Step down below- again
The post-apocalypse has got to be one of the most used settings in video game history. Whether it be via alien invasion, meteor impact, zombie outbreak, or any number of other terrible fates, there’s something about the downfall of civilization and video games that go together like chocolate and peanut butter. While many games opt to use this as an excuse to let you run around and blow everything up in a testosterone-fueled rampage, 4A Games’ Metro 2033 and Metro: Last Light, based on the novel of the same name by Dmitry Glukhovsky, focus more on the quiet and creepy side of post-nuclear war Russia.
The combination ended up being a winning one, earning both critical and customer praise. And now, four years after the original Metro 2033 and a year after Metro: Last Light, the Ukrainian developer has released a re-mastered version of both. While the games are only being sold as a package of both titles on consoles, PC players have the option of picking up the pack, or snagging each one up individually. This review will only cover the Last Light Redux half of the package, while you can head over to Jonathan Irwin’s review to see how Metro 2033 Redux turned out (spoiler: it turned out awesome).
For those that weren't aware of Metro: Last Light its first time around, the game is a direct sequel to Metro 2033, with the plot being set forth by the last moments of 2033 (note that while 2033 ends in a choice, Last Light picks one of the endings to use as canon). Russia has been decimated by nuclear war, and the only way people were able to survive was to turn the underground metro system into makeshift settlements. Above ground, animals have mutated into horrific beasts, and mysterious psychic beings called the Dark Ones lurk both above ground and below. In Metro 2033: Last Light (and therefore in Metro: Last Light Redux) the monsters aren’t the only danger, as different factions from Neo-Nazis to Commies and beyond are all duking it out for a doomsday device in a civil war for control of Russia’s remains. It’s up to Artyom, the player character, to learn more about the still-mysterious Dark Ones and try to keep relative peace throughout the metro. I really enjoyed the narrative. While the plot itself isn’t terribly original, the world and characters are expanded in the way a good movie sequel grows things not simply for growth’s sake, but to make the player feel even more like they’re in a living, breathing place (or in this case, a barely breathing one, on the brink of death place).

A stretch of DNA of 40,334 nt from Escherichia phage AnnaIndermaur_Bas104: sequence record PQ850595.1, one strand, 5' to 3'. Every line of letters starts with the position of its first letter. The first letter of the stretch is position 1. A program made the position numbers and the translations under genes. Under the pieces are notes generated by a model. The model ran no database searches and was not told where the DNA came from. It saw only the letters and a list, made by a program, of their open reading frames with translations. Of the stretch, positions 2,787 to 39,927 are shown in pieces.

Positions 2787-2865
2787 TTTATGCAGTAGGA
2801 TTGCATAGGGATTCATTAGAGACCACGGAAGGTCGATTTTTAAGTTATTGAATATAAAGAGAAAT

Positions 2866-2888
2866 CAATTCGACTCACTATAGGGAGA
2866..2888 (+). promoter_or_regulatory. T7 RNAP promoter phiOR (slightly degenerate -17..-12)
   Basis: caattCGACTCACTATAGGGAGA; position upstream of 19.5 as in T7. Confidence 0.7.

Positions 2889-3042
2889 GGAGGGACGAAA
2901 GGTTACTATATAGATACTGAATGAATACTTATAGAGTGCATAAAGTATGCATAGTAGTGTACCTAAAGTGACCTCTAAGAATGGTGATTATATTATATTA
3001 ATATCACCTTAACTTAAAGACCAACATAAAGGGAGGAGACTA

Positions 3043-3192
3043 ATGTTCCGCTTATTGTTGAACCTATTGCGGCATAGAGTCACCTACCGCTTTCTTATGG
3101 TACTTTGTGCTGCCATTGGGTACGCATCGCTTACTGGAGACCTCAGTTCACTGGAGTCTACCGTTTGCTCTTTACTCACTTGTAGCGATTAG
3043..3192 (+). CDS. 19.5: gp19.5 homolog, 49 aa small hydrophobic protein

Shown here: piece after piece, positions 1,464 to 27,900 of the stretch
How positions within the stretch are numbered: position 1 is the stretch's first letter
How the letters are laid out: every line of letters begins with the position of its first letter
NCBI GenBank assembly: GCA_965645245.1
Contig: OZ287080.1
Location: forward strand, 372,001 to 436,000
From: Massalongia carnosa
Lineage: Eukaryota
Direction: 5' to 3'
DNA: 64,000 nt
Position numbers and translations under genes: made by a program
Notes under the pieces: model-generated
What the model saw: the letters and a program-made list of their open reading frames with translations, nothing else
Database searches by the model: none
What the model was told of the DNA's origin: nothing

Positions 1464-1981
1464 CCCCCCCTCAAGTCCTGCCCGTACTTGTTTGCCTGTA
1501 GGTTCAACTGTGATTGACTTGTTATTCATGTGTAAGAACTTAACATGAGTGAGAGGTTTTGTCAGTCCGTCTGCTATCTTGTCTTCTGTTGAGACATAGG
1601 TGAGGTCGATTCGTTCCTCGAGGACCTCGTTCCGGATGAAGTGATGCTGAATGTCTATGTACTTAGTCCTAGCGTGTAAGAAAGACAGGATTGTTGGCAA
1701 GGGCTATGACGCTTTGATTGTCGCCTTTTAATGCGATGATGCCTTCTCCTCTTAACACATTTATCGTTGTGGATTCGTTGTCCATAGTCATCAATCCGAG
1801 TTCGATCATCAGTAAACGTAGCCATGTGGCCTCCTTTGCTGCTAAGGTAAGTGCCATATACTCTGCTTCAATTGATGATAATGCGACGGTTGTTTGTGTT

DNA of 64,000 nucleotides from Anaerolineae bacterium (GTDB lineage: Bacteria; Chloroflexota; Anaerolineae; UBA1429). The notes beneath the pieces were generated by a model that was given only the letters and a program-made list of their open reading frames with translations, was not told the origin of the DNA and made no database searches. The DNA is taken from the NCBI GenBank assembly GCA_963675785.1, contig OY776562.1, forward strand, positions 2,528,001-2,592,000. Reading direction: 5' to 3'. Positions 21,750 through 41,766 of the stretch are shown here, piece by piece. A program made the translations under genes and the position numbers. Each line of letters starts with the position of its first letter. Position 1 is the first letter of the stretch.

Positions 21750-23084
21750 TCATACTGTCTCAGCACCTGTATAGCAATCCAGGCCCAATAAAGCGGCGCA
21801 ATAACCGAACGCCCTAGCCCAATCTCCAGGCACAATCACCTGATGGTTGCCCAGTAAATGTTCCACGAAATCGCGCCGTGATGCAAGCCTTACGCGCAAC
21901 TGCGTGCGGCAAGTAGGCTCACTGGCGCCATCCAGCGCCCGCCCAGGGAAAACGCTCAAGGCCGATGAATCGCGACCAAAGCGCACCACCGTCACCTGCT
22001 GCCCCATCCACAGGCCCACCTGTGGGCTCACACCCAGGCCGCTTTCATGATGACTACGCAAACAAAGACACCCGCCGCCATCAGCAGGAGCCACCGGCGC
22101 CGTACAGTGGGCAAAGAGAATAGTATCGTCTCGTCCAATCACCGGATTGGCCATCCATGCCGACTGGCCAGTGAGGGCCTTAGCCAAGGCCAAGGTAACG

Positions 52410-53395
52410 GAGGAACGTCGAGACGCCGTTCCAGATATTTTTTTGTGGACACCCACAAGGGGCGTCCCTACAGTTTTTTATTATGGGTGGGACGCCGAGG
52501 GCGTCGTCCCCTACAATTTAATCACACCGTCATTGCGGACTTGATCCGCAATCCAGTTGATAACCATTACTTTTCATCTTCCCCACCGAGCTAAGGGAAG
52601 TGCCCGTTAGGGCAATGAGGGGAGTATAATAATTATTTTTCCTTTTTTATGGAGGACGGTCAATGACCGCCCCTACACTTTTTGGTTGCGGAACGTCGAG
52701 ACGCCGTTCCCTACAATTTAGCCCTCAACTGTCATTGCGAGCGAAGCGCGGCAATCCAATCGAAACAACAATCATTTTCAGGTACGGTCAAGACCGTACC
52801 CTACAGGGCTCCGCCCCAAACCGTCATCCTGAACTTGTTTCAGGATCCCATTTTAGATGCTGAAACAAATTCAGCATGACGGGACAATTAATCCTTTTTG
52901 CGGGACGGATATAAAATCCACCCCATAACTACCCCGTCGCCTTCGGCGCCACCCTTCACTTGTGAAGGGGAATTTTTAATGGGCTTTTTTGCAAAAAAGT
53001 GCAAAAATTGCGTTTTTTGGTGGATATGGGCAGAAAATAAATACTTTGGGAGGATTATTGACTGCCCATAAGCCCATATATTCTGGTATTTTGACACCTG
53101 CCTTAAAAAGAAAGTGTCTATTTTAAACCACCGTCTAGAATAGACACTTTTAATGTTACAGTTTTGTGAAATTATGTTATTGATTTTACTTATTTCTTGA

Bridging the Franchise
What makes Last Light shine isn’t how many things go boom or how many monsters get pumped full of lead. I mean there’s definitely action, and when it’s there it is satisfying, but where the game series as a whole really succeeded was in creating a palpable atmosphere dense with despair, anxiety, and powerlessness. In some ways Last Light improved on the immersion of Metro 2033 through fully first person cut scenes, expanding the game’s universe, and greatly improved graphics that brought out each spiderweb and puddle of mud. However some people - including myself - thought that the actual gameplay was a step in the wrong direction. The game lost some of its survival horror elements in favor of an increased focus on fighting. Bullets were easier to come by, keeping track of gas mask filters wasn’t as pressing, and there was less time of quiet wandering. I suppose that’s personal preference, regardless of which style of gameplay jives with you more but there’s no doubt that it at least created some disconnect between 2033 and Last Light.
Let’s you play it as a survival horror game, setting and mood are fantastically dense, and the game still looks and sounds good.
There just isn’t enough added or improved content for those that already played the game and didn’t mind it’s more action-oriented style.